LONDON — The weight and want of a Kingdom on his shoulders, the great Scot, Andy Murray, on Friday became the first male from the UK since Henry Wilfred “‘Bunny’’ Austin in 1938 to advance to the Wimbledon final, routing France’s Jo-Wilfried Tsonga in four sets and putting to rest one recurring nightmare that has played out for 70-plus years on the AELTC’s hallowed turf.
Could it be, as one Italian journalist asked Murray, if on Sunday perhaps Fred Perry, the last British master to win The Championships — in 1936 — might send him “a benediction’’ to help him beat Roger Federer for the title.
Stunned by the question, as if frozen on the baseline by one of Federer’s laser serves, the 25-year-old Murray could only offer a confused, “He’s not alive, though . . . I don’t understand.’’
The question restated, it made clear that perhaps the late Perry would send a fellow Great Brit a blessing from grasscourt heaven, a slightly more relaxed Murray shrugged and added, “Yeah, well, I hope so.’’
Be it his powerful right hand or the wisdom of the wind, Murray finally has a chance to move the discussion of British tennis to different ground if he can win Sunday. To do so, he’ll need even more game, as abundant as it was, than he showed against the entertaining but erratic Tsonga, whom he rubbed out, 6-3, 6-4, 3-6, 7-5.
After barnstorming to fairly easy victories in the first two sets, Murray struggled some in the next two after Tsonga took a brief respite in the dressing room prior to the third.
“You know, sometimes my back is blocked,’’ explained Tsonga, his English sometimes slow to develop in conversation, “and I have to unblock it. How you say that . . . unblock it? And, yeah, there is a table outside [the dressing room]. I go there and I do what I have to do — and then I come back and feel better.’’
His back stretched out, Tsonga came out swinging freely in the third, after not winning a single point with his second serves in set No. 2. But with kinks removed, he went from flatline to workhorse, scoring an impressive break to 2-0, allowing Murray but one point in his first service game. An impressive turnaround, considering Murray in the second set clicked off 17 straight points on serve over one stretch.
Serving at 5-3 in the third, Tsonga also withstood a menacing shot below the belt off a volley, briefly crumpling to his knees as an apologetic Murray stood at the net. His energy restored, he polished off the set with three straight points.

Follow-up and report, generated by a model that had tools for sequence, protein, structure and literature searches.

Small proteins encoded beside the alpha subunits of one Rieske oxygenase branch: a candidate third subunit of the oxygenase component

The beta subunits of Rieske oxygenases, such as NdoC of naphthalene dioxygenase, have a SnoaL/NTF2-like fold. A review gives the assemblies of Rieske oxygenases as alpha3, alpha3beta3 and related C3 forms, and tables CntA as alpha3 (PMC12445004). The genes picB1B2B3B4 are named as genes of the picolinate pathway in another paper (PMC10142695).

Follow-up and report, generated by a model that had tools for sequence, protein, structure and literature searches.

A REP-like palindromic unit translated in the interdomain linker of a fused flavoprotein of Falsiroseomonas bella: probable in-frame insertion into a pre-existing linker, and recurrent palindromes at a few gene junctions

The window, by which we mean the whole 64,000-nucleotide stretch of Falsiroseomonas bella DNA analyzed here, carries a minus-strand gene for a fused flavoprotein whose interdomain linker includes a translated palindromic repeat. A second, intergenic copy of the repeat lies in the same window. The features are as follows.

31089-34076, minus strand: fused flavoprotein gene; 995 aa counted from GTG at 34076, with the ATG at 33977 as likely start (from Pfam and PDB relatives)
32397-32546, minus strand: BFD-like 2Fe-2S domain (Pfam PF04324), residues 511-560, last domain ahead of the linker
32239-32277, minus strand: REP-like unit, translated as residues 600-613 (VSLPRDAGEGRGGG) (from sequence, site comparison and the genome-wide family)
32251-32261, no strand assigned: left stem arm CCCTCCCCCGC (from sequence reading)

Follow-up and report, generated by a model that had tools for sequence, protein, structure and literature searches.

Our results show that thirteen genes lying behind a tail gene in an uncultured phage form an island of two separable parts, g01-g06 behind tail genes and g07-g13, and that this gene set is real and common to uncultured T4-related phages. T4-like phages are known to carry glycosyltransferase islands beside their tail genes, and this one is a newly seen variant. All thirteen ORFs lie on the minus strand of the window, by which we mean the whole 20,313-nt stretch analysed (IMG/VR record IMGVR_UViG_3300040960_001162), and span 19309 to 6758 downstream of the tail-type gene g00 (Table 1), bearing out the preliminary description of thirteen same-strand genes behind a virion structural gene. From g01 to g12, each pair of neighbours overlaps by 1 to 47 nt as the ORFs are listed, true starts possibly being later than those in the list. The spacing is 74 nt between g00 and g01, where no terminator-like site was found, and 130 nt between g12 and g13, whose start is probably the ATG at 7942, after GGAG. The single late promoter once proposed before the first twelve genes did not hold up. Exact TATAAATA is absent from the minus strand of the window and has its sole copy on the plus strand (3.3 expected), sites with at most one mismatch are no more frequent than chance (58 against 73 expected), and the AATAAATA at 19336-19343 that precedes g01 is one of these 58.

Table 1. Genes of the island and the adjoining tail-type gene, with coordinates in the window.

“Never,’’ smiled Tsonga, asked if he’d ever been hit like that during a match. “But I will have revenge one time.’’
Murray, the concern through the packed house now palpable, the Brits accustom to their men failing 12 times in semifinals since Austin succeeded in 1938, hung tough in the fourth. He broke Tsonga to gain a 3-1 lead, the match just more than two hours old, but then booted away the next game to allow Tsonga back in it.
The two battled even, Murray moving ahead, 6-5 on serve, the ball back in Tsonga’s hand for a chance to settle it on a tiebreaker. But the Muhammad Ali lookalike promptly fell behind, 15-40, and Murray won it on the first of two break points. Not that it was easy. Murray ripped a forehand smash to the left, a shot he knew was in, but it was called out.
History would have to wait. With a slightly hangdog look, Murray came to the net, face to face with Tsonga, awaiting Hawkeye’s video review. The affable Tsonga smiled wide, telling Murray he thought it was wide. But Hawkeye had it as good and the win was in the books.
“Obviously, it was close,’’ said Murray. “And then I thought he challenged it. Then the umpire said to me that the ball had been called out and that he hadn’t overruled it. So then obviously I challenged.’’
Now comes Murray’s date with the artful Roger. The kingdom waits. One tabloid report on Friday said a pair of Centre Courts seats on Sunday could run as high as $80,000. They’ve cried in their beer so long here that some are willing to pay the cost of a microbrewery to get in the gate.
It’s possible, based on murmurings around SW16, the Queen will be here to see it. She was here to make it official when the UK’s Virginia Wade won it in 1977.
“There’s a lot of pressure and stuff,’’ said Murray, noting the many big names who often fill the Royal Box. “But it’s obviously a privilege to play in front of those people. I’m not sure [the Queen] will be here Sunday, but it would be nice.’’
Queen or no queen, benediction or no benediction, decades of disappointment will be here on Championship Sunday. With racket in hand, Murray gets his chance to rewrite it.